For In My Sleep, No One to Suspect but the Obvious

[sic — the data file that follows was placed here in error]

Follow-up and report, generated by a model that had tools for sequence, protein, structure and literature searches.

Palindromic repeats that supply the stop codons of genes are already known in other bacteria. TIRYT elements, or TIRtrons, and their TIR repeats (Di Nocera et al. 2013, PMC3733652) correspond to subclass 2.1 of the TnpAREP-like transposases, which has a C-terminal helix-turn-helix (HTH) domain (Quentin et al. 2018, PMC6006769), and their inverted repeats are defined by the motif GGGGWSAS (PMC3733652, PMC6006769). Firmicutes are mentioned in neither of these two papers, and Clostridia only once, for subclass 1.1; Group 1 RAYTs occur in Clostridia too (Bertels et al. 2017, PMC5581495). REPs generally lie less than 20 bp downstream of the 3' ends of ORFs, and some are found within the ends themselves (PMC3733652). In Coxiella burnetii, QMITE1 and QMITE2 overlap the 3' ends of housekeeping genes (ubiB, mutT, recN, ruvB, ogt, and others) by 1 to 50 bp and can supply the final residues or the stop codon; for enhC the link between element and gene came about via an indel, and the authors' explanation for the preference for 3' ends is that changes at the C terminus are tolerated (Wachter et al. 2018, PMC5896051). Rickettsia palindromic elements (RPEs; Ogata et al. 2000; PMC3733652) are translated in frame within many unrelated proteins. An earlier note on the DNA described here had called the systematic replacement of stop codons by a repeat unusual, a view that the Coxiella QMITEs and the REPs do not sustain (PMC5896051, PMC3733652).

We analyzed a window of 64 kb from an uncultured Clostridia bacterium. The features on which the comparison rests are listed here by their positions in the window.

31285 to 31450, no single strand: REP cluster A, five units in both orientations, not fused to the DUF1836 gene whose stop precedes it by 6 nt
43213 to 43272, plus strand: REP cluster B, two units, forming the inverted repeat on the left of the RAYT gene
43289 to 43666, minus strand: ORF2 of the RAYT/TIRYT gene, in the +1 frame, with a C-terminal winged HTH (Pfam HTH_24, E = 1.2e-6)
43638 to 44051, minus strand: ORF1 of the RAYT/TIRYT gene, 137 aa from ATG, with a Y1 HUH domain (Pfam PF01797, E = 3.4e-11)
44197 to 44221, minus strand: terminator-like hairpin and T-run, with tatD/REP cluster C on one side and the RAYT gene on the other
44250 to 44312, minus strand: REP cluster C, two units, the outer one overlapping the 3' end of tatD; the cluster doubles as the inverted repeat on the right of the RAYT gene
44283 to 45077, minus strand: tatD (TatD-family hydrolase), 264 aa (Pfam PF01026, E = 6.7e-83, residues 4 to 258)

Marcus (Philip Winchester) is a parasomniac: It looks like he’s awake, but he’s sleepwalking, a convenient excuse for, say, sleeping with your best friend’s wife. And lo and behold, when she turns up dead, it’s hard for Marcus to maintain his friendship with Justin (Tim Draxl). Sure, he didn’t mean to kill anyone, but waking up with a bloody knife in hand would make anyone suspect the worst. The biggest problem with Allen Wolf’s thriller is that there are so few characters that it’s immediately clear what’s going on; there’s simply no one to suspect besides the obvious. A slightly bigger problem is that the movie’s risible. To kill time while Marcus figures out how that knife got in his hand, there’s a Freudian subplot about the origins of Marcus’s sleep disorder, with a repressed memory flashback that makes Hitchcock’s Spellbound look like a paragon of convincing psychology, plus dream sequences straight out of Glen or Glenda? It’s very much an L.A. movie, complete with an endless parade of heavily-made-up club girls and two protagonists who work as masseuses; Wolf’s camera is so enamored of their chiseled, shirtless bodies that the whole thing becomes unintentionally homoerotic. It may be worth seeing just for the memorable sight of Lacey Chabert—ex–Party of Five kid as neighbor Becky—attempting to interpret Marcus’s dreams based on what she once learned in night school.

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